Speaking of Sabbath, has anyone ever called them on the song "After Forever," from Masters of Reality? It's funny, because Harrington, in these very pages, talking about this album, described Sabbath as "Godboys," which C.M. Sienko got into further in his review of Weakling's huge Dead As Dreams album, pointing out that although these bands are singing about Satan, they weren't singing about how great he was, but rather how much he was TORTURING them. Sabbath was on Jesus's side! Something you may not have realized, and if you don't believe me, get out your copy of Masters of Reality, on which they've thoughtfully printed all the lyrics on the back cover (Harrington sez in homage to Sgt. Pepper!), and read the lyrics to "After Forever" (they are written by Tony Iommi, which is rare -- Geezer Butler usually wrote the lyrics -- was Iommi the Christian narc of the group? -- hmm, look closely at the center of the above photo -- that cross looks RIGHT SIDE UP to me): "Have you ever thought about your soul -- can it be saved? / Or perhaps you think that when you're dead you just stay in your grave. / Is God just a thought within your head or is he a part of you? / Is Christ just a name that you read in a book when you were in school?" Seriously, these days even Christian Rock bands don't sing that explicitly, for fear of turning people off. Sabbath could get away with it because it's hard to call a band on their lyrics when they just got done with a super-heavy song about how great smoking weed is, and now they're absolutely kicking your ass with the next song, and even if the lyrics are total Christian propaganda you'll never notice!

This is not Mrs. Dolman, this is Paul DiAnno, the original singer for Iron Maiden, circa 1981. The other day Mrs. Dolman came home with a very special gift for me. She had been visiting some friends who were getting ready to have their second child and move into a new house. The lady of this house said something to the effect of "My husband and his wild years -- just look at this!!" while picking up a classic carnival-prize coke mirror featuring a crude rendering of Iron Maiden's mascot Eddie, in the "Aces High" fighter pilot role. "Give it to Larry," they said, joking, but my wonderful wife said, "Umm, that's not really a joke, because Larry's really been getting into metal lately. Can he really have it?" They said yes, and it's one of the best things she's brought home to me, ever. I immediately put it up on my wall and then went to the archives to pull out some Maiden cassettes for the appropriate soundtrack. That's when I learned for sure what I had already been starting to hazily remember: that a few years ago I had sold back all eight of the Maiden cassettes I'd owned (everything through Seventh Son of a Seventh Son).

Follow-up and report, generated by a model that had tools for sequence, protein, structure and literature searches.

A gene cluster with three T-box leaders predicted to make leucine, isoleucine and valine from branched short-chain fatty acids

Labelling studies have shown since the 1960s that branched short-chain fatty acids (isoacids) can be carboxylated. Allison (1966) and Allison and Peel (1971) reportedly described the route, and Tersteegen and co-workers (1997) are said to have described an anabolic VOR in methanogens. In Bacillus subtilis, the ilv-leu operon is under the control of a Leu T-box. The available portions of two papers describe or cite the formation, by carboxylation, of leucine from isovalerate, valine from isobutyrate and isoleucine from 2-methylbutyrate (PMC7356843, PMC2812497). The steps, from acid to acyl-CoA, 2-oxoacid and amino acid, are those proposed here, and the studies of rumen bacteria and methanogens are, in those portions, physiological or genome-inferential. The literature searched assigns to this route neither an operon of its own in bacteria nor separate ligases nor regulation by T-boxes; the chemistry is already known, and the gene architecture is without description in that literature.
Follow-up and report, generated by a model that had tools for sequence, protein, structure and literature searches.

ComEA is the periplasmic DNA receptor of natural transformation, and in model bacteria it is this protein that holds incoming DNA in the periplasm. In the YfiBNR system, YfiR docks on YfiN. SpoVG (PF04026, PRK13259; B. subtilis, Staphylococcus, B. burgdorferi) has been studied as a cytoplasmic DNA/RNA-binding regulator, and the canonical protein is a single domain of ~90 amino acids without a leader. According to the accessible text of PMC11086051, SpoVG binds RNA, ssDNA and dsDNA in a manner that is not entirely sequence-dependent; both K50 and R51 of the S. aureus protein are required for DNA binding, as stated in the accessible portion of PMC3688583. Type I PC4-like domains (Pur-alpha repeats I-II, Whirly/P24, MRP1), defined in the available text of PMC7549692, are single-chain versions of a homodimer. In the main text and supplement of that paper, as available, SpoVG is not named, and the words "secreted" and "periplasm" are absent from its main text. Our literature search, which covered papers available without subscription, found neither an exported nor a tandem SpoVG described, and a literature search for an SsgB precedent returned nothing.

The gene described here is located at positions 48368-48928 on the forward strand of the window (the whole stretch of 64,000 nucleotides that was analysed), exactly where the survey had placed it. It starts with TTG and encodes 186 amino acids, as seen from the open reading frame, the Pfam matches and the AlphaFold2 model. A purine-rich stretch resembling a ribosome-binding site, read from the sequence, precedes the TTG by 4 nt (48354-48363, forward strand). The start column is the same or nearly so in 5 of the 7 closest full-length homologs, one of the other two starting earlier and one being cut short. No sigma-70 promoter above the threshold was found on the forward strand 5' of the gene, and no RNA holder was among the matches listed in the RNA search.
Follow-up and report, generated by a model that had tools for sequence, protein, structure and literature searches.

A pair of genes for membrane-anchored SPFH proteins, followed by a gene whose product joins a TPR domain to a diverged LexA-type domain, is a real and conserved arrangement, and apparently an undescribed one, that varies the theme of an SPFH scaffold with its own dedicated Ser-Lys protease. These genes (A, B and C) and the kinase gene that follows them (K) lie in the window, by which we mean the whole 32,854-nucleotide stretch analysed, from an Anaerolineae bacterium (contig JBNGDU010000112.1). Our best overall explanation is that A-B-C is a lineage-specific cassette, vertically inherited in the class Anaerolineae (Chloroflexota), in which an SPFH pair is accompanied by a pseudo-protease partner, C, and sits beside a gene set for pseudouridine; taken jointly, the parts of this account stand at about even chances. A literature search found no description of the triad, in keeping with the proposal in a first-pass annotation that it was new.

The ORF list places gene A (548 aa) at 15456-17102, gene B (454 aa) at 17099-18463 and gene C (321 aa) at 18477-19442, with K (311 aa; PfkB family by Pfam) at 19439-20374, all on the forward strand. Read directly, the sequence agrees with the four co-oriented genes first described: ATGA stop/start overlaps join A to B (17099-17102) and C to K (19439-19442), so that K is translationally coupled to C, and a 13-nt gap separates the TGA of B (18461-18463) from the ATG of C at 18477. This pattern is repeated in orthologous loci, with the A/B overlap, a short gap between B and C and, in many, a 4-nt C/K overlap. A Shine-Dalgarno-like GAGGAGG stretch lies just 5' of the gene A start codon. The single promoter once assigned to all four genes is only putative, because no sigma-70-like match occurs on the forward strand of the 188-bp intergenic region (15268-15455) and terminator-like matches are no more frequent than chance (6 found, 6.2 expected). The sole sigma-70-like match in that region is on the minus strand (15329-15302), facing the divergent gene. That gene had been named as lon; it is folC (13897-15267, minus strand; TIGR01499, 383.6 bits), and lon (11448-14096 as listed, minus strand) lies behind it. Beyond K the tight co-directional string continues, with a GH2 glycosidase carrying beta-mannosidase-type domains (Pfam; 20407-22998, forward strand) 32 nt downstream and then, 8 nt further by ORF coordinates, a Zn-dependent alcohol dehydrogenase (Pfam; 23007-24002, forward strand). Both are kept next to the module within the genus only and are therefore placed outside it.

I had to remedy the situation as soon as possible, which I did by raiding the WHPK library. They have the first four Maiden releases on vinyl, so I checked 'em out and listened in chronological order (they sound great on vinyl, by the way), and I must say, that self-titled debut is pretty damn hard to beat. Maybe I'm just rooting for the underdog, but Paul Di'anno rules. The opener "Prowler" is pretty great, with an instantly unforgettable guitar hook, but it's track #2, "Remember Tomorrow," that just slays me. It's a ballad, and I can't believe how calm and moody it starts out, and then when Di'anno raises his voice to a scream as the heavy guitars cascade in on the chorus, it's as heavy as anything Maiden ever did. And how about the psychedelic lyrics!: "Unchain the colours before my eyes/Yesterday's sorrows, tomorrow's white lies/Scan the horizon, the clouds take me higher/I shall return from out of fire," and then, adding a touch of sci-fi paranoia, or religious awe, or both, "Out in the madness, the all seeing eye/Flickers above us, to light up the sky."